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Marine Ecology Progress Series

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MEPS 459:73-83 (2012)  -  DOI:

Offspring size and maternal environments mediate the early juvenile performance of two congeneric whelks

Sergio A. Carrasco1,*, Nicole E. Phillips1, Alejandro Pérez-Matus2

1School of Biological Sciences and Coastal Ecology Laboratory, Victoria University of Wellington, Wellington 6140, New Zealand
2Laboratorio de Ecología Marina, Facultad de Ciencias del Mar y de Recursos Naturales, Universidad de Valparaíso, Casilla 5080, Avenida Borgoño 16344, Viña del Mar, Chile

ABSTRACT: Offspring size variation can have pervasive ecological and evolutionary implications for both offspring and mother, affecting an organism’s performance throughout its life. Using 2 marine intertidal whelk species Cominella virgata and C. maculosa as model organisms, we examined how different maternal environments and contrasting hatchling size influence juvenile performance. The average size of field-collected hatchlings greatly differed between the species and at different scales of variation (i.e. among sites). Species-specific differences in hatching size were reflected in juvenile performance. Overall, C. virgata with larger hatchlings (~3 mm), exhibited faster growth rates and higher survival than the smaller C. maculosa (~1.5 mm). Desiccation treatment did not affect the performance of fed juveniles; however, large hatchlings had higher growth rates than small conspecifics for both species. Starved hatchlings of both species performed more poorly than fed ones; however, species-specific and size differences were less significant for the evaluated traits, suggesting a non-size-related allocation of resources and similar resource utilization during starvation conditions (i.e. within species). As has been described for many taxa, large offspring often perform better than small conspecifics; however, because this performance is likely context-dependent, understanding the importance of different scales of variation is crucial for determining when variation in size is an advantage or a disadvantage in terms of an organism’s performance.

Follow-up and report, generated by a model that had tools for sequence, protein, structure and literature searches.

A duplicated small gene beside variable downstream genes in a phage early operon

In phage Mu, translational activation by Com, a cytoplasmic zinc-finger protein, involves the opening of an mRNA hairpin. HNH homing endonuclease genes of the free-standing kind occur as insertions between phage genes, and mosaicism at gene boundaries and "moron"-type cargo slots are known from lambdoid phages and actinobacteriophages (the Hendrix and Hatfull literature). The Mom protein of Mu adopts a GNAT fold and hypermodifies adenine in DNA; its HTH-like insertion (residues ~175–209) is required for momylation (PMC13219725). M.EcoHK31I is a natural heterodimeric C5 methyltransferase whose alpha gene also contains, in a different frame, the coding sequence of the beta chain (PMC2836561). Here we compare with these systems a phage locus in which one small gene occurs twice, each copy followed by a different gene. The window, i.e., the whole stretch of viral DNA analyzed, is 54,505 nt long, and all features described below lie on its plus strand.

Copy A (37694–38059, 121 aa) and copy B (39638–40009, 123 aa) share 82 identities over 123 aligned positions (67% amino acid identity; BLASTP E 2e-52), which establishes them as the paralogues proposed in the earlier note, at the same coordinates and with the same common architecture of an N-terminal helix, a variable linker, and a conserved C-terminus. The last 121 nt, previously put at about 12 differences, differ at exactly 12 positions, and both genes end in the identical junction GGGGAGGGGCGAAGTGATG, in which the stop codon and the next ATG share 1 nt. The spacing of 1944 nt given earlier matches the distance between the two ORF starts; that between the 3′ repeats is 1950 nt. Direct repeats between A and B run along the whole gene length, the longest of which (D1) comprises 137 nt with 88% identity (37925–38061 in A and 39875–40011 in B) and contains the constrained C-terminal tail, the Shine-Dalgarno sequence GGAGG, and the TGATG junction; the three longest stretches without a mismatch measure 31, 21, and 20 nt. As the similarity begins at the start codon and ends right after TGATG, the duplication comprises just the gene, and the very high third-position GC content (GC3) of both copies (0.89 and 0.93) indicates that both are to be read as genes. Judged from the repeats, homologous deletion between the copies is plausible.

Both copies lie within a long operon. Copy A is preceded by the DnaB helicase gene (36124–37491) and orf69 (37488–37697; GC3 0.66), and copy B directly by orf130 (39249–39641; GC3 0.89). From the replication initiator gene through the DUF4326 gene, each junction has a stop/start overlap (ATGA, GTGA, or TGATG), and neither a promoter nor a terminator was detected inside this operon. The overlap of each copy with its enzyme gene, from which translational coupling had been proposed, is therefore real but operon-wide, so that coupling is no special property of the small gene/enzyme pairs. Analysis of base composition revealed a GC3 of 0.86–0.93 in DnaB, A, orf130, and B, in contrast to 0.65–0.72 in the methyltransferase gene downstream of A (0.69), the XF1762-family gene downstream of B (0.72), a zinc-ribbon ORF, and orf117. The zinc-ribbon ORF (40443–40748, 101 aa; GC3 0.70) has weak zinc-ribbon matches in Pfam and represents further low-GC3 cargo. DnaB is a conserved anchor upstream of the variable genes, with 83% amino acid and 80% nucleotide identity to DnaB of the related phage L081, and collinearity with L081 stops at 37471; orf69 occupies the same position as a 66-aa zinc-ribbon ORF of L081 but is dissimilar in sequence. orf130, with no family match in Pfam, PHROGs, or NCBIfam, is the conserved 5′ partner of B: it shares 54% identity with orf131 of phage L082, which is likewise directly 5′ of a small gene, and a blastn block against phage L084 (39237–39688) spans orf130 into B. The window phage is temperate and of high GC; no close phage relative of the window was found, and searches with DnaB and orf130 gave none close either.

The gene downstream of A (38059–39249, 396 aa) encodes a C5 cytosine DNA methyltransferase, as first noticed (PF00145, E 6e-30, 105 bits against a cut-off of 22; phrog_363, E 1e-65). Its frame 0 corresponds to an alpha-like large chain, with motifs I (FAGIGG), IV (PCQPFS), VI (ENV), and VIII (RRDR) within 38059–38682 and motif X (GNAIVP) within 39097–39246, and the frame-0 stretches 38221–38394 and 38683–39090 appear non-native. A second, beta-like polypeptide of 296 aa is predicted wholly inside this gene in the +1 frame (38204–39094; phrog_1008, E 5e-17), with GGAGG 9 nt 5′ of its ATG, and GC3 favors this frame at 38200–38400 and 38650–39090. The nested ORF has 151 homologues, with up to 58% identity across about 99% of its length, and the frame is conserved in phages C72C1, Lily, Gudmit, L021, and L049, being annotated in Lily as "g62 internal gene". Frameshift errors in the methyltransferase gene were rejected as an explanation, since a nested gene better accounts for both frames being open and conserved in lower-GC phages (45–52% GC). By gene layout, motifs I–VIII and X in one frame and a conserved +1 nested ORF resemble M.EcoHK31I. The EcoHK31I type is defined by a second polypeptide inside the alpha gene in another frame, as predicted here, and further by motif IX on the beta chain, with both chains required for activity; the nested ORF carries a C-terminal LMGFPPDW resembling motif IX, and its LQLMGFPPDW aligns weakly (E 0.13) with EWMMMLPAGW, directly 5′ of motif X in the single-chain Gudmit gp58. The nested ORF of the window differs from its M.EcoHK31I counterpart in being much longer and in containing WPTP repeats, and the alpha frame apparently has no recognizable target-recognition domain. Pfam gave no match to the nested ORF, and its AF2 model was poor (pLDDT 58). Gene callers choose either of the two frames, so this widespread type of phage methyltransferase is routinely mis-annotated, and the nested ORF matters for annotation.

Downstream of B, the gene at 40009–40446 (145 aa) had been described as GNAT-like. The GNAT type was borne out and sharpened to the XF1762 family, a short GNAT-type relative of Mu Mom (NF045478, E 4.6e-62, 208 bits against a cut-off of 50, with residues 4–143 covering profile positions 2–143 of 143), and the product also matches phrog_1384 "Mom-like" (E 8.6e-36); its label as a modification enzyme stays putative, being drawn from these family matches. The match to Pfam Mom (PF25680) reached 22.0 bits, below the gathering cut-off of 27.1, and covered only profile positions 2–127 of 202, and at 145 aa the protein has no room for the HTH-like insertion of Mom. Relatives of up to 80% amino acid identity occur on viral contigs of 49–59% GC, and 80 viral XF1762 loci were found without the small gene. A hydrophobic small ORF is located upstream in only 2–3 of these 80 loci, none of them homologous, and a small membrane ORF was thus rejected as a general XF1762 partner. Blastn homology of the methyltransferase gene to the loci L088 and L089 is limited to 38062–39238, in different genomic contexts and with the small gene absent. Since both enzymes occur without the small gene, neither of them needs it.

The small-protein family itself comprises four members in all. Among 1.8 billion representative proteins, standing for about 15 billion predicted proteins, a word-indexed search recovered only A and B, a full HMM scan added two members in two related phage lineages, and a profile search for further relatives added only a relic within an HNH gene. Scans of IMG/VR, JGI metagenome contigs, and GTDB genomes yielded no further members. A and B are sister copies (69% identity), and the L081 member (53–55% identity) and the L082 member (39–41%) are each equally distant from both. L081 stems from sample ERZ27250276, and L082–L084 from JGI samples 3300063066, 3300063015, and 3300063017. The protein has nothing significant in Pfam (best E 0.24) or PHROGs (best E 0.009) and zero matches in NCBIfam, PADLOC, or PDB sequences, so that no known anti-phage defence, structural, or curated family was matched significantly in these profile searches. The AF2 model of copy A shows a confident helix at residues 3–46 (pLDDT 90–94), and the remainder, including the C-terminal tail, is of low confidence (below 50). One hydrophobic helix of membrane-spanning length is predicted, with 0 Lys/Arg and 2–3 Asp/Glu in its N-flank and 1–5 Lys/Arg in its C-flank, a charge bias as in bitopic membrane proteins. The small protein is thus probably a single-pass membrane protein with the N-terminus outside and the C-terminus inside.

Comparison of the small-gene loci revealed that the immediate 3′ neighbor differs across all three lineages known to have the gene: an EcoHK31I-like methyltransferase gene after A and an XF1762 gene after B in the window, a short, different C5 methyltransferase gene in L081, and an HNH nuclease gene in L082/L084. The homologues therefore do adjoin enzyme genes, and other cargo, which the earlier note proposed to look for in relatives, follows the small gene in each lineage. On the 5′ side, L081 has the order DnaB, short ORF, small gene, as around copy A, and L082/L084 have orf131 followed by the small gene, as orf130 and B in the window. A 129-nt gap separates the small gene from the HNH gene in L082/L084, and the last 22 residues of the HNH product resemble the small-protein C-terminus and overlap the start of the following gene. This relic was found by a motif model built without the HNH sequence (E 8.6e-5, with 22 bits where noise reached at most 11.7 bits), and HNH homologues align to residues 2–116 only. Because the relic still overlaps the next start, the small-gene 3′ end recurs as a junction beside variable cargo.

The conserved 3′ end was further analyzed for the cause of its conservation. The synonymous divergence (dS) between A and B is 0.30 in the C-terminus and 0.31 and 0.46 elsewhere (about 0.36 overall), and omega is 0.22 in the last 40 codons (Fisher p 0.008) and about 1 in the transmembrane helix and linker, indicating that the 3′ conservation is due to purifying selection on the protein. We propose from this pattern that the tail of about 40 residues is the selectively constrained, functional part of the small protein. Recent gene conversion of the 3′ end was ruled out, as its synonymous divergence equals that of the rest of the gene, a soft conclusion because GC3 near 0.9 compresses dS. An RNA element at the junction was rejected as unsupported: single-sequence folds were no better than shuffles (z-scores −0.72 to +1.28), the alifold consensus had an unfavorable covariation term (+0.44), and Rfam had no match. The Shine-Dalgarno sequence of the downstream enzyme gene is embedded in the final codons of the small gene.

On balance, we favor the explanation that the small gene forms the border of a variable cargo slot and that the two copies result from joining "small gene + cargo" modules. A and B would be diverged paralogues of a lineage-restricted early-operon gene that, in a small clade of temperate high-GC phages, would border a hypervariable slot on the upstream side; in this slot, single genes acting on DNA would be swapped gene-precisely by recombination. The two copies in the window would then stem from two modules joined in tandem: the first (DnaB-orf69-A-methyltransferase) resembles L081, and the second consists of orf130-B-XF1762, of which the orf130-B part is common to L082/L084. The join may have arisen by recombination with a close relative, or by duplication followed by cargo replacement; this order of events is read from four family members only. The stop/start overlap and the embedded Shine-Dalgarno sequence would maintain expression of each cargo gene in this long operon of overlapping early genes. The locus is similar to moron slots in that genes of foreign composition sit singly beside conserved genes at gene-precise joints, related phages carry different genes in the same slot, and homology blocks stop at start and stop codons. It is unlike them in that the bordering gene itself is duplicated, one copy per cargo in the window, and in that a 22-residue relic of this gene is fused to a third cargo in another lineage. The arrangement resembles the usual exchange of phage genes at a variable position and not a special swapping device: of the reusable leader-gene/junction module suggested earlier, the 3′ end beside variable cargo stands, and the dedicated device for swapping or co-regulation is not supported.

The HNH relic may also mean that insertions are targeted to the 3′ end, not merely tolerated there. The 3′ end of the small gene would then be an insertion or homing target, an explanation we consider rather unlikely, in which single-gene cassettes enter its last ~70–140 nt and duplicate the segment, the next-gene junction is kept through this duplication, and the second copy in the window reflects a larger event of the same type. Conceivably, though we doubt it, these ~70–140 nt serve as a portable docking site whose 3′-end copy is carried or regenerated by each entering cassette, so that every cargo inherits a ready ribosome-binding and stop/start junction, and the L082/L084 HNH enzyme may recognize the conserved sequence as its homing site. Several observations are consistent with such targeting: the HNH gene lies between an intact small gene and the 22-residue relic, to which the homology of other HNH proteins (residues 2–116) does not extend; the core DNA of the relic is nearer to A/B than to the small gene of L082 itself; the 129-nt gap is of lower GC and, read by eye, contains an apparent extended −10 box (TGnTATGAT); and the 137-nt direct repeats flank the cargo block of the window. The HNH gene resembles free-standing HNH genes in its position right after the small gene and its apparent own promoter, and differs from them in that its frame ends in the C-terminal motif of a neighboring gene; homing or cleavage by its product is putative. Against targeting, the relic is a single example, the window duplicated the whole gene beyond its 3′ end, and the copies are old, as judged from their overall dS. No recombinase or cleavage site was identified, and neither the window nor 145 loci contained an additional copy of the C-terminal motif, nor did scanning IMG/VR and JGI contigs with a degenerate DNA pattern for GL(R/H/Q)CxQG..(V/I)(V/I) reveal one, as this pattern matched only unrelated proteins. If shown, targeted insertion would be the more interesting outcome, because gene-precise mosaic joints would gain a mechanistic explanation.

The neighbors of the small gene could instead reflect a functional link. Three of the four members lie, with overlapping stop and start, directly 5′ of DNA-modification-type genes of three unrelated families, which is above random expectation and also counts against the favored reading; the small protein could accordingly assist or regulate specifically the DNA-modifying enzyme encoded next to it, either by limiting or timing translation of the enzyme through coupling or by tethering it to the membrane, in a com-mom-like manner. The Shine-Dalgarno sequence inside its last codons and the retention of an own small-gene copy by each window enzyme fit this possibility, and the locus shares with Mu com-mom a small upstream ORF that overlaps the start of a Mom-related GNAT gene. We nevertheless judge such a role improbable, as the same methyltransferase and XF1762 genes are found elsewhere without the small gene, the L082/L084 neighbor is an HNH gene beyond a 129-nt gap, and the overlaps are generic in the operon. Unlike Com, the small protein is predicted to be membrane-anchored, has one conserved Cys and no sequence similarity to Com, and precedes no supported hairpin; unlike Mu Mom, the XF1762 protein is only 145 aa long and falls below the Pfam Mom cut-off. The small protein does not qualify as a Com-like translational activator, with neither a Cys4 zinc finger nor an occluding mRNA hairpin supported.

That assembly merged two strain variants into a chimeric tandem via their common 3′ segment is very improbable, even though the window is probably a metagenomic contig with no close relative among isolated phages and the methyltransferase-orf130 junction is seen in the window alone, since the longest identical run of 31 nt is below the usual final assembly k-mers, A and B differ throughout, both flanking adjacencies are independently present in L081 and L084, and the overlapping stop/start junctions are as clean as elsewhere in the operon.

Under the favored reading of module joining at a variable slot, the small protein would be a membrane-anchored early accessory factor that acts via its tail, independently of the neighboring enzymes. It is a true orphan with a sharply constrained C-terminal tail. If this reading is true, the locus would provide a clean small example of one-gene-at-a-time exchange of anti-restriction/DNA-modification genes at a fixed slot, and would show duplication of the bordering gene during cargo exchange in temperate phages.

KEY WORDS: Progeny size · Reproductive strategies · Environmental variation · Phenotypic plasticity · Offspring size-fitness · Cominella

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Cite this article as: Carrasco SA, Phillips NE, Pérez-Matus A (2012) Offspring size and maternal environments mediate the early juvenile performance of two congeneric whelks. Mar Ecol Prog Ser 459:73-83.

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